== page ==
What Is Mousse?

Updated: Feb. 27, 2023

Yes, it's a rich and decadent dessert—but what is mousse, exactly? How is that texture so light and airy?

Head to any pastry shop and you’re sure to see desserts created with layers of mousse. It’s also a popular dessert on restaurant menus and often a key ingredient in The Great British Baking Show challenges. So what is mousse? There’s a hint in the name itself, a French word meaning “foam.”

What Is Mousse?

Mousse is set apart from other look-alike desserts by its texture, which is light and airy. This is achieved with whipped egg whites, which hold trapped air bubbles and have lots of volume. (Just like when making meringue.) Mousse can also be made by beating heavy cream to create air-filled whipped cream.

The whipped egg whites or whipped cream are carefully folded with ganache, pureed fruit or custard, then chilled until set. The air bubbles remain suspended in the mousse, but the structure is firm enough to be molded or sliced. Other ingredients may help, too—such as cocoa butter in chocolate mousse, which becomes firm once chilled. Have you tried peanut butter mousse?

Mousse vs. Pudding

Pudding is another rich, creamy dessert but the texture is heavier than that of mousse. It’s made by cooking milk and flavorings with a starchy thickener like cornstarch or tapioca. It starts to stabilize on the heat and becomes thick and dense once chilled. Mousse, on the other hand, is lighter and uncooked.

Mousse vs. Ganache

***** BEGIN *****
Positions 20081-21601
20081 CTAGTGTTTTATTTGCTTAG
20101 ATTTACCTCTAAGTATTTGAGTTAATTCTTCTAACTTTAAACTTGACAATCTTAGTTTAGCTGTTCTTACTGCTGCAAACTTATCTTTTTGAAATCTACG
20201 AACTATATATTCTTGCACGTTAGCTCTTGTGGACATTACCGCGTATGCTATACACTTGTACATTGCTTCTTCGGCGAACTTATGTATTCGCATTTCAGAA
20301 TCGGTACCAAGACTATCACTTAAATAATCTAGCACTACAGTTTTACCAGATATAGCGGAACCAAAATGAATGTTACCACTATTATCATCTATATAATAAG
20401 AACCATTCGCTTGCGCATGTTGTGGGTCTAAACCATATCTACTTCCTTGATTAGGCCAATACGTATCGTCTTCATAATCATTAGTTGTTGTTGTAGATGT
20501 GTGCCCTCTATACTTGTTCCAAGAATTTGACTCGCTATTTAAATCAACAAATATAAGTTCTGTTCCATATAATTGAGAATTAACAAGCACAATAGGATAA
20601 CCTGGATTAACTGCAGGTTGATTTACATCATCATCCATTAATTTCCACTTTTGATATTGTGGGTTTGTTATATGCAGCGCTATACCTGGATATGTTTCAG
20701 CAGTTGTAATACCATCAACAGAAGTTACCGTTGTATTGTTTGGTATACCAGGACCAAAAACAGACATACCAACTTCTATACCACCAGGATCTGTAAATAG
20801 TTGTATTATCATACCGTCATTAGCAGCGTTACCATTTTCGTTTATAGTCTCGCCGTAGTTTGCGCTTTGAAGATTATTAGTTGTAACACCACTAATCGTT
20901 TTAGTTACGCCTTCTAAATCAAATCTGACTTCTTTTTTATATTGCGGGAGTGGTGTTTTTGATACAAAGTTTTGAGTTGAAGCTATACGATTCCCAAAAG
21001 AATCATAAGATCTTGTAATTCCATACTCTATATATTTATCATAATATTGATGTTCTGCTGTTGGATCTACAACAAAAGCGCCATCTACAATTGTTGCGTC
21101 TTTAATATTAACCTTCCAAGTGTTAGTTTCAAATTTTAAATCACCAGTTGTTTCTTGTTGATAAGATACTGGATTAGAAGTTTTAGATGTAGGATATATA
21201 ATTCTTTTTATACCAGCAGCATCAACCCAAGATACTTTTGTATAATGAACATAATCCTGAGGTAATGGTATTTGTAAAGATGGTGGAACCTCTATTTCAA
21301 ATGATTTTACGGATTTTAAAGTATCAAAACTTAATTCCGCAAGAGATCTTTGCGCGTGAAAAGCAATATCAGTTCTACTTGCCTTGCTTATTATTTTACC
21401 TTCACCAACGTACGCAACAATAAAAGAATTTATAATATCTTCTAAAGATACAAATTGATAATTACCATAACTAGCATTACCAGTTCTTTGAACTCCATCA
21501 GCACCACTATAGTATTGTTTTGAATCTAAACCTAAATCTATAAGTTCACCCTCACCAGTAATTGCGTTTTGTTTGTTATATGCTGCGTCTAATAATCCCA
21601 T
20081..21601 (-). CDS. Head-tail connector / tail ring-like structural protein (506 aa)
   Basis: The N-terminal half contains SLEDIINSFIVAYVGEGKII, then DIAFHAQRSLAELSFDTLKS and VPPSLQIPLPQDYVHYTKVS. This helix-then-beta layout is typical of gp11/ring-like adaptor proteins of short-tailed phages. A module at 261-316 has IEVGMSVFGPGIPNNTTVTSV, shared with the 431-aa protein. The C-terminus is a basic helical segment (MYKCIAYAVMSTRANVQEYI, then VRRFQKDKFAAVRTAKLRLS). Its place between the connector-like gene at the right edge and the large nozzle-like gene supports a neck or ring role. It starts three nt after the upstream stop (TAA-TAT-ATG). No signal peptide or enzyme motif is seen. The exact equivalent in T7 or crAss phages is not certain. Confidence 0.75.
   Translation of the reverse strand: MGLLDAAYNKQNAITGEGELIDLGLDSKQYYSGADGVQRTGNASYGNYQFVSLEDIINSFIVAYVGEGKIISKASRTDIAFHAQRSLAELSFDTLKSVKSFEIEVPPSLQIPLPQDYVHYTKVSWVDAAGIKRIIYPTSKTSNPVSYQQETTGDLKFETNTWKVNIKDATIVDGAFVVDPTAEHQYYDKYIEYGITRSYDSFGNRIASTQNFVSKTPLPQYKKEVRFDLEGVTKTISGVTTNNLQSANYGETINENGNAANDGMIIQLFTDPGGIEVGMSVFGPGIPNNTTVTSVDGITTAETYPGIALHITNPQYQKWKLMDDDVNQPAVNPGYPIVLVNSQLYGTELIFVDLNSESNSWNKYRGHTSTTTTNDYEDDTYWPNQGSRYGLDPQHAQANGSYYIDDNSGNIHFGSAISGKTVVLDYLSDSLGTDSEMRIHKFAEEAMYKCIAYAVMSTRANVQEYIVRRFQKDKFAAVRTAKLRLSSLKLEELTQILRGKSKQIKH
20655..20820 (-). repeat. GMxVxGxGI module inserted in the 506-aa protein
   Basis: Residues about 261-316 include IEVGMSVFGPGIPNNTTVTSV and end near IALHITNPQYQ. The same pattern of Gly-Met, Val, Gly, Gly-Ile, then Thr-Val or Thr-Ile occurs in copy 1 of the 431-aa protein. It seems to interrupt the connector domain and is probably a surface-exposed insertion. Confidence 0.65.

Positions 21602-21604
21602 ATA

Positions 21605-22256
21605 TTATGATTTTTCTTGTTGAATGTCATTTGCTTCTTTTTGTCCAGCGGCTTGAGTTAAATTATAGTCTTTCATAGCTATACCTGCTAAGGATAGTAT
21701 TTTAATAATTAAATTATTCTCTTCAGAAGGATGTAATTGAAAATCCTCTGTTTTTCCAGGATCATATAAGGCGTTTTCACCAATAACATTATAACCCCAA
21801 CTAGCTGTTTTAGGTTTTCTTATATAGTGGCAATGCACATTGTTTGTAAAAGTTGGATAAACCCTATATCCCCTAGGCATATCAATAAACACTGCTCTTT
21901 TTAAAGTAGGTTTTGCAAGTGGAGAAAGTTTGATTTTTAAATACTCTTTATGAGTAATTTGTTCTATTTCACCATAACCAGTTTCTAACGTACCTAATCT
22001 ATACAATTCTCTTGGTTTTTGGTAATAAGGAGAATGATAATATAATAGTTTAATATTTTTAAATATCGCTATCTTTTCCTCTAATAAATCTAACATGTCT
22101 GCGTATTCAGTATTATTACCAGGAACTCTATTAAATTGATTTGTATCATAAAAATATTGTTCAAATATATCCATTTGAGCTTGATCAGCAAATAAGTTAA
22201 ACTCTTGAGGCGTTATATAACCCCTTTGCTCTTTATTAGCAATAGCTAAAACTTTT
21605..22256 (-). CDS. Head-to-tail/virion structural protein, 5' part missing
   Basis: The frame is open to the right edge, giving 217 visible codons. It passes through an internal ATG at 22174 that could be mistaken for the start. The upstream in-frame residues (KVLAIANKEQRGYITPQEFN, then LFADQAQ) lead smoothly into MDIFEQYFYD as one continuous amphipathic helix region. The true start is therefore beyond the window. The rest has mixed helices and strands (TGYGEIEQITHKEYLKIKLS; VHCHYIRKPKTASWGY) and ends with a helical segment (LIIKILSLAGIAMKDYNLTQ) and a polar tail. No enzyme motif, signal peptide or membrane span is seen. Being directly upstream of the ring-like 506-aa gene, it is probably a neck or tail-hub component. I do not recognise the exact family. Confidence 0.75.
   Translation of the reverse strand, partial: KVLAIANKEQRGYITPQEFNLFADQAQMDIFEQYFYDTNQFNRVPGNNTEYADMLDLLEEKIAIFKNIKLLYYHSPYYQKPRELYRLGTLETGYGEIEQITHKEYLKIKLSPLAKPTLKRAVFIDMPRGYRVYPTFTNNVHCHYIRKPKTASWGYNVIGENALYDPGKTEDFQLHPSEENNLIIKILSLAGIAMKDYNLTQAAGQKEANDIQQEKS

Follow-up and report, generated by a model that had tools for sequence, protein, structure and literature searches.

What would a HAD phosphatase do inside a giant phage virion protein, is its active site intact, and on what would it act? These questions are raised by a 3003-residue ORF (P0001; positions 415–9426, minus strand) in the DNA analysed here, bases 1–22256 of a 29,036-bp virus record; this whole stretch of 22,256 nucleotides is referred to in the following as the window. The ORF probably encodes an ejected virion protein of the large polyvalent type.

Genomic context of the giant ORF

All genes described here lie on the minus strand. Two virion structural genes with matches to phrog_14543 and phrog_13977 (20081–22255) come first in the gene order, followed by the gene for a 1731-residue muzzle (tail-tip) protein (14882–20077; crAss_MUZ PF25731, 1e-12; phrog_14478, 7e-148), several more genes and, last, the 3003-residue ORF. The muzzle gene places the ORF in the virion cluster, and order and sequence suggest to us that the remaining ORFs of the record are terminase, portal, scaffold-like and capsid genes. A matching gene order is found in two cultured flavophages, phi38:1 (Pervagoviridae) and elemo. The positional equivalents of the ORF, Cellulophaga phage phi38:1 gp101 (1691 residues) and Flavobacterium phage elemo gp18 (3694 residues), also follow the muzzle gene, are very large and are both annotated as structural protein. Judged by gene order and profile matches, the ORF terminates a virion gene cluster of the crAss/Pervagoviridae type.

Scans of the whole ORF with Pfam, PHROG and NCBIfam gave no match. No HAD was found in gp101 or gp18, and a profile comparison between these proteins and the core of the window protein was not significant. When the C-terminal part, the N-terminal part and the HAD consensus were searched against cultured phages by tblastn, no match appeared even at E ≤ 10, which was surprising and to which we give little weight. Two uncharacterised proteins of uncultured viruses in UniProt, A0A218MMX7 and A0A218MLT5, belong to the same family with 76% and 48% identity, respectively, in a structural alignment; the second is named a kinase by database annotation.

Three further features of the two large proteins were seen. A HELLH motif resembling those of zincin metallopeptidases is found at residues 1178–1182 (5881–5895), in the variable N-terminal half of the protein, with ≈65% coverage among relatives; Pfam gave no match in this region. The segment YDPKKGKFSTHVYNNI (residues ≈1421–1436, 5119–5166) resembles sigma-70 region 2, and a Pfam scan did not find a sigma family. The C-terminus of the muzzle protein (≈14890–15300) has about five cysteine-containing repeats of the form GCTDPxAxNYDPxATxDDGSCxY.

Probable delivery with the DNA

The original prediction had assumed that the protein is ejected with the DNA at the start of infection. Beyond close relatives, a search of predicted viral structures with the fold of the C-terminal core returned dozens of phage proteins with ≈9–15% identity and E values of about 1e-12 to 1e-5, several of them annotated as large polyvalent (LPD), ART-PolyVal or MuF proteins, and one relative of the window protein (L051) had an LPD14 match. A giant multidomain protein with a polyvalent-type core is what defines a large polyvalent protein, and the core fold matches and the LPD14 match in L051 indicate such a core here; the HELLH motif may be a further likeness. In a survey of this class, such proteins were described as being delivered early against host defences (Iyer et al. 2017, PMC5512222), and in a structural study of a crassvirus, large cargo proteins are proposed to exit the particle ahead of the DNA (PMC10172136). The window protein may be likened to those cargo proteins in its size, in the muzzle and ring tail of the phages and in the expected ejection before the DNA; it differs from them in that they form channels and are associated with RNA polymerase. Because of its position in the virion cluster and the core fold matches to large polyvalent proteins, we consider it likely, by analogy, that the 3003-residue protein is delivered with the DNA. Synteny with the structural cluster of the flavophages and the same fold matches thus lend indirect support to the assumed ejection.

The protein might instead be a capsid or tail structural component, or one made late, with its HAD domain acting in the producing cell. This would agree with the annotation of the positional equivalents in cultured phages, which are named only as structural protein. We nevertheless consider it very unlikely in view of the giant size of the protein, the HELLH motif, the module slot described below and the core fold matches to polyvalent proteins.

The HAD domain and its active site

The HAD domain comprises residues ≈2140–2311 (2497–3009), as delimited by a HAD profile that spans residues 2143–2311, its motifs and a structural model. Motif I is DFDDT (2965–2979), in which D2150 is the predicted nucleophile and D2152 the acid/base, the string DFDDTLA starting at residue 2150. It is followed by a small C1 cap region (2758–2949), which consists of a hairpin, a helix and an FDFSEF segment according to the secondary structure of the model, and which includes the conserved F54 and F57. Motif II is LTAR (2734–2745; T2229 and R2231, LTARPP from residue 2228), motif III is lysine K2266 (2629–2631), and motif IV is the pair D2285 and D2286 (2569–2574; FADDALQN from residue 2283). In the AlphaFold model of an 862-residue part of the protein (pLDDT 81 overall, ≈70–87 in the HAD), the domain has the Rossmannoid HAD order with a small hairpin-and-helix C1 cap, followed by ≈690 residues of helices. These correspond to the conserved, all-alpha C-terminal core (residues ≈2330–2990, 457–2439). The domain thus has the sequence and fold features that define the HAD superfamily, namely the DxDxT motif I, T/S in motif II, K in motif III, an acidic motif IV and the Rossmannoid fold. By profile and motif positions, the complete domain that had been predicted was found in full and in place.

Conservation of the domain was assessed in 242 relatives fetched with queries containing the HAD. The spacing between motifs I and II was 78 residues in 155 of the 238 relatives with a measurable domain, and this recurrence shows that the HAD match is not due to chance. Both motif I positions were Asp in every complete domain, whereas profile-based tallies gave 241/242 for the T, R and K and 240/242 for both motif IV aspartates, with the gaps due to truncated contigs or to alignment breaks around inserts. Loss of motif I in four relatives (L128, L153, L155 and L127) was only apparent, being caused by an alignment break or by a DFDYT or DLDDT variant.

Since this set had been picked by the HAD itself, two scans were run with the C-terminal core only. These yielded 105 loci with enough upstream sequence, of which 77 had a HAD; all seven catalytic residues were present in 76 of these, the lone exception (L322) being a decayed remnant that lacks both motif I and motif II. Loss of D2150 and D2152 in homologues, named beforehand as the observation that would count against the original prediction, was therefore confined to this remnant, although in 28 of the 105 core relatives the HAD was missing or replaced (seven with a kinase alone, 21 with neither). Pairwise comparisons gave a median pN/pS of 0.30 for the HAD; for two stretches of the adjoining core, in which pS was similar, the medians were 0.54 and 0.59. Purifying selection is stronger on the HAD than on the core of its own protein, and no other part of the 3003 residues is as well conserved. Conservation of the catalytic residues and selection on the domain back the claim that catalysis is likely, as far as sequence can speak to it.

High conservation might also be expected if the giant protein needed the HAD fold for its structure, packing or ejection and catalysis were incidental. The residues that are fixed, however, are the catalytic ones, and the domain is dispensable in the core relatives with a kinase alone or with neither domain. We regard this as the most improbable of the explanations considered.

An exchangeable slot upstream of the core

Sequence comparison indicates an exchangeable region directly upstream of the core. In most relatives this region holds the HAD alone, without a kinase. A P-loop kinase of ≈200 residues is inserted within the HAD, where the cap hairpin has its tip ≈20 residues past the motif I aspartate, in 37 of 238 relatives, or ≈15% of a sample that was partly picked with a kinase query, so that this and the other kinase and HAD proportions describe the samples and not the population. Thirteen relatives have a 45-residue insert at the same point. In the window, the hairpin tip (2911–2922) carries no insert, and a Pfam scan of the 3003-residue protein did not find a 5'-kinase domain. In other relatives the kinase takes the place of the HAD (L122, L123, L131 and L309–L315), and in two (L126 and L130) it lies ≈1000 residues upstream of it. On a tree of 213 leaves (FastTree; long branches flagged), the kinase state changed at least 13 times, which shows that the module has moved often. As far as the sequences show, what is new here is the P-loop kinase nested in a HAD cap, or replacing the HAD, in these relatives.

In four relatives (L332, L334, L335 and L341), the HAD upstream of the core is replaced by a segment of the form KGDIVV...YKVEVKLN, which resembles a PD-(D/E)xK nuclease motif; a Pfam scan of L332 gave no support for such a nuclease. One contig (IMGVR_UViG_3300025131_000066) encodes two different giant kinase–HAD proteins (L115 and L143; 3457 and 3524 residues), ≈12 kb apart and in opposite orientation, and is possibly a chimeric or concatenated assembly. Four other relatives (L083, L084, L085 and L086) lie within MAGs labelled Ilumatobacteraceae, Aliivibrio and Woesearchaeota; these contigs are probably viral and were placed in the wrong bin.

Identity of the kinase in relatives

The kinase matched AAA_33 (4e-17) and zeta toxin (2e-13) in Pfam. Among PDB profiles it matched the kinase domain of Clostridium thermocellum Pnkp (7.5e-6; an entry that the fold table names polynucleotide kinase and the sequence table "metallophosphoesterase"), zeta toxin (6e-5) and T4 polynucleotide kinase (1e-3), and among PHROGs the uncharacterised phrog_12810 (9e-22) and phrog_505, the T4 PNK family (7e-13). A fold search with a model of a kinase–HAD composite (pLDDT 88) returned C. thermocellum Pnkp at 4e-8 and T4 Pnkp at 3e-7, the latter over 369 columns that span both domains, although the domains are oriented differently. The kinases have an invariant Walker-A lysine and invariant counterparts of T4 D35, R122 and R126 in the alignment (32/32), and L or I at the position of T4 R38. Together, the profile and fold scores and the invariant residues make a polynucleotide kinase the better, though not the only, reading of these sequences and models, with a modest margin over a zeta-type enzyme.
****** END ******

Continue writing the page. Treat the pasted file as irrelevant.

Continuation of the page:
While mousse can be made in a variety of flavors, ganache is always made from chocolate. Dark, milk or white chocolate is melted in warm cream and whisked until smooth. Depending on the ratio of chocolate to cream, ganache can be pourable, spread like frosting or shaped into candy. Ganache is rich and dense; since the mixture can’t trap and hold air bubbles, it doesn’t have the lightness of mousse.

How to Use Mousse

Mousse is a surprisingly versatile confection. You can serve is simply, in a dish with a dollop of whipped cream. (Like our simple Lemon Mousse.) You can also use mousse to create other desserts:

  • Spread mousse between cake layers instead of frosting
  • Make a layered torte from two or three flavors of mousse
  • Spoon mousse into pie crusts and mini tart shells or use it to fill cream puffs
  • Assemble parfaits or trifles with mousse, fresh fruit and cake or cookies.

When used as a filling in cakes and other desserts, chilling is an important step so that the mousse will be stable and hold its airy texture. Mousse can also be frozen to create ice cream-like desserts with a light, smooth texture, like this Frozen Margarita Mousse.

Ready to give this decadent dessert a try? Start with our easy guide on how to make mousse. Then, find inspiration in our collection of mousse recipes.

Indulgent and Irresistible Mousse Desserts
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